Arguably the most complicated piece of machinery humans have ever built has arrived in Ireland ready to resolve the global shortage is computer chips.
The Intel plant in Leixlip, Co Kildare has seen the arrival of the Dutch built EUV lithography system, a device used to print the billions of transistors onto silicon wafers that are then transformed into computer chips.
The device can print features as small as 13 nanometres in size (7,500 times smaller than a human hair) with an alignment precision of just over 1nm. To put this in context, it’s the equivalent of directing a laser pointer to your fingertip from the moon.
The arrival of this system in Ireland marks the first high volume EUV production in Europe, bringing with it the future of semiconductor manufacturing.
The first system arrived in Ireland having journeyed across the Atlantic from Intel's Technology Development unit in Oregon. It was first transported by four Boeing 747 Cargo planes with pieces weighing up to 15 tonnes each. It completed the final part of its journey via road where it was carried by more than 35 trucks.
Lithography scanners are the part of the semiconductor manufacturing process where a lot of the magic happens. These scanners print the microarchitecture of each individual chip onto a silicon wafer. They do this by scanning a design template - called a reticle - and transferring this image to the silicon wafer, which is then developed.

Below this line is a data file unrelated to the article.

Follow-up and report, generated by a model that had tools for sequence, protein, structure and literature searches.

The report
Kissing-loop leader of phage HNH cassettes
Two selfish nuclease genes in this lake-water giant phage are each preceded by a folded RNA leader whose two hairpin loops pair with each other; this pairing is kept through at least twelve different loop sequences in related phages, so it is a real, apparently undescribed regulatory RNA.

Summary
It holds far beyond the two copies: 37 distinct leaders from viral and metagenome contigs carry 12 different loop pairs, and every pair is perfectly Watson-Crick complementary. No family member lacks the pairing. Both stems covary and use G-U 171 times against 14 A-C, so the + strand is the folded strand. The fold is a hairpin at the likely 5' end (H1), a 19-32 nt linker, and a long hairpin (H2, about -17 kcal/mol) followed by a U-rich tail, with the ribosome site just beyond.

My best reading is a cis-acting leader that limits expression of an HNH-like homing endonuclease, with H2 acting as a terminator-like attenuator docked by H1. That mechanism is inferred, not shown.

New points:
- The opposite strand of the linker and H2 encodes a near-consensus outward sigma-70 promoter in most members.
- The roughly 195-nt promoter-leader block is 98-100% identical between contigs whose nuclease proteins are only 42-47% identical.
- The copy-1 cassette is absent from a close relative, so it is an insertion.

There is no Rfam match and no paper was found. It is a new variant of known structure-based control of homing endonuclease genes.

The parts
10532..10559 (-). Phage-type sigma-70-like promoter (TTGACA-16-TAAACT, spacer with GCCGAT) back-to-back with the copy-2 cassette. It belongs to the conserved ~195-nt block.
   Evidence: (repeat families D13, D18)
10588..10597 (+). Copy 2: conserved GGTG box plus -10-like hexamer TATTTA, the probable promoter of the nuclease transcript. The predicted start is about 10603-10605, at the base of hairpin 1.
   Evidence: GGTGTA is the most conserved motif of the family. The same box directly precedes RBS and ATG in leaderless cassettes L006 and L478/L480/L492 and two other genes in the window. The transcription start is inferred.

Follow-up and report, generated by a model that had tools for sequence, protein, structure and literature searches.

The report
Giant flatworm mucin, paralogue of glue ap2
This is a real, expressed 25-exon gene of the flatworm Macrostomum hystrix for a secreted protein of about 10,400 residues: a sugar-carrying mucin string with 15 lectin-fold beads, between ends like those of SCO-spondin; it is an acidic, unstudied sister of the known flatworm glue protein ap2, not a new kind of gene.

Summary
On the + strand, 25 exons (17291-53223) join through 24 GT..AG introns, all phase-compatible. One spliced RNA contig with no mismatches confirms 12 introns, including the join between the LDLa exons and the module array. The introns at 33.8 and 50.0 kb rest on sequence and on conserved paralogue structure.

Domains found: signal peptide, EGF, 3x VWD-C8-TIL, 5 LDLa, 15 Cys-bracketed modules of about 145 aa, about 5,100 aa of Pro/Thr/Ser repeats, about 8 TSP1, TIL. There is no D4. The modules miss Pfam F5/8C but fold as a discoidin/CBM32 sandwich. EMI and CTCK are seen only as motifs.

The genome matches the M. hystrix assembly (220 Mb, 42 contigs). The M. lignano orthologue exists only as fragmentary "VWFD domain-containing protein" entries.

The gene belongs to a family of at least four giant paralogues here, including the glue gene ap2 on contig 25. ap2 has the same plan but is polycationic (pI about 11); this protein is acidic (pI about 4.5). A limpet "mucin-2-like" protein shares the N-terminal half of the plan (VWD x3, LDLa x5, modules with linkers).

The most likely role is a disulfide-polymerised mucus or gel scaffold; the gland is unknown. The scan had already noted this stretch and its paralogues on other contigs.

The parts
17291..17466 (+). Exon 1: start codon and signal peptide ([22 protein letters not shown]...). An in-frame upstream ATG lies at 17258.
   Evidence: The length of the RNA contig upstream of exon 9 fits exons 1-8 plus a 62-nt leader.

It does this by generating EUV light which has 13.5nm wavelength by spraying micro droplets of tin across a vacuum chamber and striking it with a 25KW CO2 Laser beam twice. The first low energy shot evaporates the droplet to a cloud shaped like a pancake, the second high energy shot transforms the cloud into a plasma that’s focused into a beam that bounces off a series of mirrors before picking up and focusing the circuitry image into the silicon wafer to print billions of transistors and other features on the wafer.
The system consists of 100,000 parts, 3,000 cables, 40,000 bolts and more than a mile of hosing. It has taken 18 months of design and construction activity to prepare the Fab 34 building in Kildare to receive the machine. Some 20,000 work hours alone went into just preparing for the arrival of the scanner. Intel said more than 100 ASML staff are now supporting the build and set up of the system together with teams of trade contractors, Intel Engineers and Technicians.
The Fab 34 facility in Ireland will be one of a number of facilities producing vital chip technology as the world struggles to secure the required volume to meet demand. The current shortage of chips has impacted virtually every industrial sector, particularly the motor industry delaying the production of countless products.